On the screen, a neon blue curve labeled “Tohoku”. Here is the simplest geophysical summary of the 2011 earthquake in Japan responsible for the Fukushima disaster. Worldwide, earthquakes have killed nearly one million people in the last 30 years, mainly in Indonesia and Haiti. In Sophia Antipolis, west of Nice, Quentin Blatari and his team try to predict and prevent these disasters using artificial intelligence.
“Earthquake prediction is the holy grail in seismology”, Says Geophysicist at the Research Institute for Development (IRD). The research fellow received a European grant from the ERC program (European Research Council), which amounted to 1.5 million euros over five years. “Early Seismic Signal Detection for Artificial Intelligence”. The work was published in the journal in mid-May Nature, Based on a recent discovery: gravitational waves associated with earthquakes, in this case Fukushima. Gravitational waves coincide with the “fold” of space-time due to the mass movement, much like a bowling ball digging into an extended web.
Previously detected during infinite collisions in space, as two black holes engulf each other, gravitational waves are also generated during large earthquakes on Earth, where large mass motions occur. The idea came during a seminar at Caltech in the United States, where a man in charge of a space gravitational wave detector was trying to figure out how to control seismic noise so as not to distort the device properly.I remember Jean-Paul Ampuro, IRD’s research director and co-inventor of the signal.
Too early but difficult to detect
The gravitational signal of an earthquake, known as pegs (“prompt elastogravity signal”), is particularly discreet, but can be detected by a good quality seismometer. “All earthquakes produce pegs, but these signals are only observable above magnitude 7.5 or 8.As Kevin Juhel describes, geophysicist. In total, there are less than ten events for which we have been able to record them. “The scientific community was skeptical because the signal was so weak compared to the sound of a very strong earthquake.” Jean-Paul could recognize Ampuero.
These gravitational waves travel at the speed of light as the fault ruptures, where the P wave, the first seismic wave to appear, spreads “just” at a speed of about six kilometers per second. During a large-scale earthquake, a seismometer will therefore first register a peg before receiving the P wave. “Using gravitational waves, the alert system survives for about ten secondsGabriella Arias is a doctoral student at Quentin Blatter’s team. It doesn’t seem like much but, combined with the automated system, it can shut down a power station or an airport. A Or just to stop a surgical procedure at the hospital that could cause the shock to slip.
Seismometer which is perfect for large earthquakes
The project is more suitable for tsunami. In Japan, in 2011, authorities issued a warning three minutes after the quake. The American-led Pacific Warning Center took nine minutes to respond. This new approach could ultimately accelerate siren triggering, even in developing countries without infrastructure. Because, in addition to their instantaneous, gravitational waves are felt all over the world. Countries equipped with seismometers can thus act as sentinels for others.
In general, the formation of a tsunami after an earthquake depends on two factors: the magnitude and the focal mechanism, i.e. the manner in which the rupture occurred. At sea, the process of subduction, where one plate moves beneath another, leads to a tsunami, as the sea level rises sharply.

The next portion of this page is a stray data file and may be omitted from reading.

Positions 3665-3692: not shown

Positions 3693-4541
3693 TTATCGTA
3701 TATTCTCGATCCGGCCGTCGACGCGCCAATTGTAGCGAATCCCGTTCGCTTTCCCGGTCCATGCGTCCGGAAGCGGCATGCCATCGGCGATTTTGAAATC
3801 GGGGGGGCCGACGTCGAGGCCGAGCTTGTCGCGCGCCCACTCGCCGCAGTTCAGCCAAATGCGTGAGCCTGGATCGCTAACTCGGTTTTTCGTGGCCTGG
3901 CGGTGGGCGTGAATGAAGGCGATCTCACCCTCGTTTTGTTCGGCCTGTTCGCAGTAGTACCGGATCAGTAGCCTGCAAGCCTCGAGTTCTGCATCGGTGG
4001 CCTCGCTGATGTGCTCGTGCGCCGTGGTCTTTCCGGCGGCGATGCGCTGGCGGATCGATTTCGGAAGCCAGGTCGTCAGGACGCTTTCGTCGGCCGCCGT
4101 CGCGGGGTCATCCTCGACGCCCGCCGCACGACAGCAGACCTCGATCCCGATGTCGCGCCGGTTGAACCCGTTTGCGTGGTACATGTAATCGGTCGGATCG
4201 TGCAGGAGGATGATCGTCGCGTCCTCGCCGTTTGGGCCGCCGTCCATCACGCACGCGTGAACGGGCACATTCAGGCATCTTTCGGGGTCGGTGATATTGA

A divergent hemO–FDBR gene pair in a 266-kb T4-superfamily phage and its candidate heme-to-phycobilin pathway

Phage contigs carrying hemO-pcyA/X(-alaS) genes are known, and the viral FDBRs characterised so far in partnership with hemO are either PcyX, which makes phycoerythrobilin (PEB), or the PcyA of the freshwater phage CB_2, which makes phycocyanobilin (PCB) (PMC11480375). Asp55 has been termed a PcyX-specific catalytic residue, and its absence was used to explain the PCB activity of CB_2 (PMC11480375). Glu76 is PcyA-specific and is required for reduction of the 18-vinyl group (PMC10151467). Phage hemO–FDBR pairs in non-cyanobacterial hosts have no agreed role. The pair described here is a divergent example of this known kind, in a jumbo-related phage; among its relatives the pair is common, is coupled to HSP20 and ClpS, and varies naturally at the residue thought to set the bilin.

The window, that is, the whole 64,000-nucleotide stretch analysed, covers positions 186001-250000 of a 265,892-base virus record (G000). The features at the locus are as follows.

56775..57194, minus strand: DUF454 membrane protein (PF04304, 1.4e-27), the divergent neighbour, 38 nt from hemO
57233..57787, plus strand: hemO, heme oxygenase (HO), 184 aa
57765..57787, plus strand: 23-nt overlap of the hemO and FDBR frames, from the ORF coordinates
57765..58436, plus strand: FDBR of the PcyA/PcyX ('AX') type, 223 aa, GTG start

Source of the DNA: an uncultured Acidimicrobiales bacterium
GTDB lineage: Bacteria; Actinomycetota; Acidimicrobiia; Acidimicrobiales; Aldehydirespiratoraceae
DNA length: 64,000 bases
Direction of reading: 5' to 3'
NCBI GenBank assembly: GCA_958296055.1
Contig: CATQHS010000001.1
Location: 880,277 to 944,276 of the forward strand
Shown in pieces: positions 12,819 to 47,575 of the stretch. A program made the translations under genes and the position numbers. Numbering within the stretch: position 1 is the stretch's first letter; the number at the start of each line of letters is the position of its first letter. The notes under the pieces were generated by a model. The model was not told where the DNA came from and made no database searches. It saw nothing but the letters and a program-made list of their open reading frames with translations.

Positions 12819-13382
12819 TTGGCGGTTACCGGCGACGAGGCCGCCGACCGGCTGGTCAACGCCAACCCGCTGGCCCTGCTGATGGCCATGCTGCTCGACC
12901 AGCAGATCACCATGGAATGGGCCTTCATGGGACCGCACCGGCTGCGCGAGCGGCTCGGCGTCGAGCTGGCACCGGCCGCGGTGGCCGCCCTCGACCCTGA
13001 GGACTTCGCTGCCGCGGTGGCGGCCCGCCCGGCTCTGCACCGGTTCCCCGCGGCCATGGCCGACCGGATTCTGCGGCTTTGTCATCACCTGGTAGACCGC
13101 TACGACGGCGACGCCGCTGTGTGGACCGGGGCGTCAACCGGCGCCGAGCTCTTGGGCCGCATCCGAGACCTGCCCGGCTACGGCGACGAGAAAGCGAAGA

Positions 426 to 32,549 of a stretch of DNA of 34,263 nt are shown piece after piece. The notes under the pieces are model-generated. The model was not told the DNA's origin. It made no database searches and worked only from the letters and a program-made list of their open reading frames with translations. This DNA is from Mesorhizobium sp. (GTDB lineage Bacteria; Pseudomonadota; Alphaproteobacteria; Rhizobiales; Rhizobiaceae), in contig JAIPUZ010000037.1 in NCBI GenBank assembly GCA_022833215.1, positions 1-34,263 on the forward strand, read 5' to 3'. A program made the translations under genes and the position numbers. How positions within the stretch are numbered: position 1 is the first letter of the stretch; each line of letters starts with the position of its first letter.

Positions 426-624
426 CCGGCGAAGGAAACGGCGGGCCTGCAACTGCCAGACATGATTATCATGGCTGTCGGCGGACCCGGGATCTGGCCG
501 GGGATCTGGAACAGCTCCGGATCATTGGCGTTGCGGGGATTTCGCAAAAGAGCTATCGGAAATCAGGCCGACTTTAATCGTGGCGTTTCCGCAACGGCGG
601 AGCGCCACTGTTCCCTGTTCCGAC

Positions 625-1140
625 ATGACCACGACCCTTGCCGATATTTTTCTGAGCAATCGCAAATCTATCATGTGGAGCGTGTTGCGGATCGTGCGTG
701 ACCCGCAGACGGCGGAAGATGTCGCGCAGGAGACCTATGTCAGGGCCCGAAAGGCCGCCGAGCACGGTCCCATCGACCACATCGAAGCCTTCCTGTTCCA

But “Most systems are full and are very weak in determining the actual magnitude of an earthquake and therefore the magnitude of a related tsunami.”, Details Gabriella Arias. In Japan, the predicted wave was much smaller than the wave that eventually broke. “Systems expected tsunami with 8 magnitude earthquake, not 9 magnitude earthquake”, Quentin Bletery explains. On the contrary, “The peg is not full”, Gabriella Arias continued. The team therefore developed an artificial intelligence feeding algorithm that uses these initial signals to instantly determine the size and location of cracks.
At first but not a precaution
“Fortunately, there are not many major earthquakes. So we simulated more than half a million of them to have enough data to train a neural network.Says Quentin Bletery. AI is then able to give the magnitude of any earthquake by observing the gravitational waves emitted. A“We have already tested the algorithm against the earthquake, it worksWelcome to Andrea Licciardi, who created the computer program within the team. Now, we need to test it in real time and in real situations. This is how I imagine science: useful to the population. A
As much as the future is not enough to read. Although instantaneous, gravitational waves only occur when one explodes, not before. In prediction, the second part of his research grant, Quentin Bletery is so cautious. “We do not know if there is anything at present, a signal or otherwise, which could indicate a future earthquake.She admits. Artificial intelligence can help if you know what you are looking for. A
The latest major earthquake
August 2021. A magnitude 7.2 earthquake shook Haiti and killed at least 2,000 people. The catastrophe is reminiscent of 2010, when more than 200,000 people died.
• March 2011. The Tohoku earthquake, measuring 9.1 on the Richter scale, caused a massive tsunami and destroyed the coast of Japan, affecting the Fukushima nuclear power plant.
December 2004. An earthquake measuring 9.1 on the Richter scale and the ensuing tsunami near Sumatra have killed at least 200,000 people. The devastating wave spread to Africa and Australia.